The math that crushes conspiracy theories

I recently wrote a piece for The Guardian on the rebirth of Flat Earth-ism. The piece did really well — the “Shares” counter on the story now has reset after going well into the multiple thousands.

Flat Earth theory is dependent on a conspiracy to hide the truth. That’s no surprise to its adherents, many of whom dabble in other conspiracy theories as well.

So I was interested in this mathematical study on conspiracy theories and how many people can keep such secrets:

For a plot to last five years, the maximum number of plotters turned out to be 2,521. To keep a scheme operating undetected for more than a decade, fewer than 1,000 people could be involved, while a century-long deception had to include fewer than 125 collaborators.

Applying the technique to four real-life scenarios showed that had the moon landings been a hoax – involving an estimated 411,000 people who worked at Nasa – it would have been found out in three years and eight months.

I’ve got a few questions — for one thing, plenty of people who “worked at Nasa” didn’t have to be in on the secret. But in general, the study does show how unlikely it is that a big secret can be kept.

Dana Carvey already covered this territory pretty well on a smaller scale, questioning the “O.J. was framed” theory:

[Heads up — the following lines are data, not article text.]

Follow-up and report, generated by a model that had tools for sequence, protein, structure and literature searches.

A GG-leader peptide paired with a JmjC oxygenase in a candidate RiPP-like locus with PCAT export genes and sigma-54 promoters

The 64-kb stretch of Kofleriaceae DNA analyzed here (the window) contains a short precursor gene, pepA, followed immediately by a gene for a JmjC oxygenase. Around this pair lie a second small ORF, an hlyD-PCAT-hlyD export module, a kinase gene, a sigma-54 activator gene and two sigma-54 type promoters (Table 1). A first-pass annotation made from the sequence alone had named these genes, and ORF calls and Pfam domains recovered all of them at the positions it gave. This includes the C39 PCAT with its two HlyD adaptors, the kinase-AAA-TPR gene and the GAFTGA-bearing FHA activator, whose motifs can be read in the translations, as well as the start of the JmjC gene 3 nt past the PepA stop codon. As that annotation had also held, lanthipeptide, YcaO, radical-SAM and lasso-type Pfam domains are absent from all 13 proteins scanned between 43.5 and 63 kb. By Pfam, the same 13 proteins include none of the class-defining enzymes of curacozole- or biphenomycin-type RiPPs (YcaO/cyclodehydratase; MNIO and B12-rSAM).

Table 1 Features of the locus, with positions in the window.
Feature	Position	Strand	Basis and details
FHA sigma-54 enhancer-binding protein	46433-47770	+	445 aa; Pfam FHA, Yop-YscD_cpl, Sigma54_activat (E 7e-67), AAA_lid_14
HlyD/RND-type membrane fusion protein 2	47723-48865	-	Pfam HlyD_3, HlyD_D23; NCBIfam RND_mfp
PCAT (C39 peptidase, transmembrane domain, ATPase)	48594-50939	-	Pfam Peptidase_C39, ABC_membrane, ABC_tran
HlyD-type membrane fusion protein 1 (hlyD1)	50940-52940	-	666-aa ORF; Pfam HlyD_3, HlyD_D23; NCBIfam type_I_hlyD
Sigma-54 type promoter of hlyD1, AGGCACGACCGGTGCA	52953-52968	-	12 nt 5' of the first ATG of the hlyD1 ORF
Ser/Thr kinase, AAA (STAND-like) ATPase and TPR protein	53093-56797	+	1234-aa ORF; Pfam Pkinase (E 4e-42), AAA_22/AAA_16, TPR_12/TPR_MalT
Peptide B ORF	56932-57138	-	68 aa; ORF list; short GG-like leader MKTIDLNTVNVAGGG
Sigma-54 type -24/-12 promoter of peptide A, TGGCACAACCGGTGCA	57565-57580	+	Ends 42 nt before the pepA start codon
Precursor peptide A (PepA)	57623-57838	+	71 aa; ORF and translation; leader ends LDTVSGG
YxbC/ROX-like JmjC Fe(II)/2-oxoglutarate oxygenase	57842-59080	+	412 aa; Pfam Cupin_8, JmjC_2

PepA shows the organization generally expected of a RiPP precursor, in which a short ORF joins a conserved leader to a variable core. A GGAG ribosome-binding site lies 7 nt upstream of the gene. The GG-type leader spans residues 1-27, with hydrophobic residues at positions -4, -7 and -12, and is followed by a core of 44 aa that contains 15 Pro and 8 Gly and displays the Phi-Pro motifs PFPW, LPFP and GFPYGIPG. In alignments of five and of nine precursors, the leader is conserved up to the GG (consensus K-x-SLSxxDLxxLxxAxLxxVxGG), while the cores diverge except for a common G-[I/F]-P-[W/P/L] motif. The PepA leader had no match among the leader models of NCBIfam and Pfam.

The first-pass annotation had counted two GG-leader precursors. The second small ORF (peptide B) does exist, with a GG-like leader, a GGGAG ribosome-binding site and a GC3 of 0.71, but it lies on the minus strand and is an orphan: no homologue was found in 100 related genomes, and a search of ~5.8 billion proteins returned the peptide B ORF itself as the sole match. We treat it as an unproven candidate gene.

So the question for the Flat Earth movement really isn’t a battle of geometry among people who haven’t taken geometry in a few decades. The question is whether the following people have the ability (and the motive) to keep a secret:

  • Everyone at NASA and every other space agency in the world
  • All airline pilots and others in the aviation industry who fly in the Southern Hemisphere
  • Everyone who has ever been to the South Pole
  • Anyone who takes a boat anywhere near Antarctica (Granted, Whale Wars would be more interesting if everyone ran out of fuel)
  • Michael Palin

And so on.

The “why?” and “how?” of that conspiracy would be mind-boggling. I’d love to hear the explanation.

 

Advertisements
This entry was posted in journalism and tagged , . Bookmark the permalink.

Leave a Reply

Fill in your details below or click an icon to log in:

WordPress.com Logo

You are commenting using your WordPress.com account. Log Out / Change )

Twitter picture

You are commenting using your Twitter account. Log Out / Change )

Facebook photo

You are commenting using your Facebook account. Log Out / Change )

Google+ photo

You are commenting using your Google+ account. Log Out / Change )

Connecting to %s